Sunday, August 8, 2010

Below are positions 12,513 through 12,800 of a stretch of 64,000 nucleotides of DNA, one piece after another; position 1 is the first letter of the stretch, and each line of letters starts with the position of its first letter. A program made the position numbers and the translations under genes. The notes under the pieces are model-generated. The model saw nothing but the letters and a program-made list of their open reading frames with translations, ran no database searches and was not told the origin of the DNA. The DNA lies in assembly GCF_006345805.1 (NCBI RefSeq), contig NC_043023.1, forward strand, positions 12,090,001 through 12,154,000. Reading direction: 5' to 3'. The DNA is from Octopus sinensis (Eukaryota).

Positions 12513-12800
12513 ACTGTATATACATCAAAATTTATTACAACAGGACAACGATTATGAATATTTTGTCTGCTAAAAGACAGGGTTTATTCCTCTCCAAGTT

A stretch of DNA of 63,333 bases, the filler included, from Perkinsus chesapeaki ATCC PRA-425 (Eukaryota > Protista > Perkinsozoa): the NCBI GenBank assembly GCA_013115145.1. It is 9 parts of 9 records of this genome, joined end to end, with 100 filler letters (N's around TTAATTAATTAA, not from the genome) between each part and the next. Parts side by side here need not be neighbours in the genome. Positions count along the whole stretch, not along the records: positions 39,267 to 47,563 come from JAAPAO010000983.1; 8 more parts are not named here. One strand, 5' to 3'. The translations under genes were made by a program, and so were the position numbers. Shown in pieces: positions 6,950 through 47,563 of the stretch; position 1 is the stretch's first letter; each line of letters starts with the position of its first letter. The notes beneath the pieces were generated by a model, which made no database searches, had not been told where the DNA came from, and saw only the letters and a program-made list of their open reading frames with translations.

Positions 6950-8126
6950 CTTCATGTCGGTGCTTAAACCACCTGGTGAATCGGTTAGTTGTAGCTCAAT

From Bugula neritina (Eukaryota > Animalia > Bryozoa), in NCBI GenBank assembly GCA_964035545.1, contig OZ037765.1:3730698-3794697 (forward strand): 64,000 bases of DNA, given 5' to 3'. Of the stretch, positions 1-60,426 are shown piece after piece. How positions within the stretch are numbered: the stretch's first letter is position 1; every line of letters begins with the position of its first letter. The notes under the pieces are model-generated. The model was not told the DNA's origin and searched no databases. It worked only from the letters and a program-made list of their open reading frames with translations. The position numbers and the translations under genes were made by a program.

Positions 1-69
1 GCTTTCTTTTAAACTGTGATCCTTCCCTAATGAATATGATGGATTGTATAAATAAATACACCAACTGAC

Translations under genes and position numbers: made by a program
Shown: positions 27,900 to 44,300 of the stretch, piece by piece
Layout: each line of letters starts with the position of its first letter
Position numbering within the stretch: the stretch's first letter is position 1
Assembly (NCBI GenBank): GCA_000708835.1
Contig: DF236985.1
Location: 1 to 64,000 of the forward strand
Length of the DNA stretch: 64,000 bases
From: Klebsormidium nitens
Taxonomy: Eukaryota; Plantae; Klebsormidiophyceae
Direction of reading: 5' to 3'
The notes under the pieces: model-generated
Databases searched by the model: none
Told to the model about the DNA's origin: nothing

The location on Cuba’s south coast for an ill-fated invasion by émigrés in April 1960. It was planned and  authorized originally by the Eisenhower administration as a dawn landing by 1,200 troops near Trinidad with full air support. After John F. Kennedy was elected president, he and his brother Robert insisted on radical changes to the original proposal, moving the location to the Bahía de Cochinos, a swampy area 80 miles from  Trinidad. They also cut the air cover and demanded a night landing in an attempt to distance the United States from complicity. The invasion proved a disaster and Fidel Castro’s forces counterattacked with tanks, killing 114 and capturing 1,189, who were held as hostages in appalling conditions until the U.S. government could negotiate  their release. Code-named Operation ZAPATA, the invasion was not the subject of any congressional inquiry, although the dismissal of the director of central intelligence, Allen Dulles, conveyed the erroneous impression that the project had not been fully approved by the White House.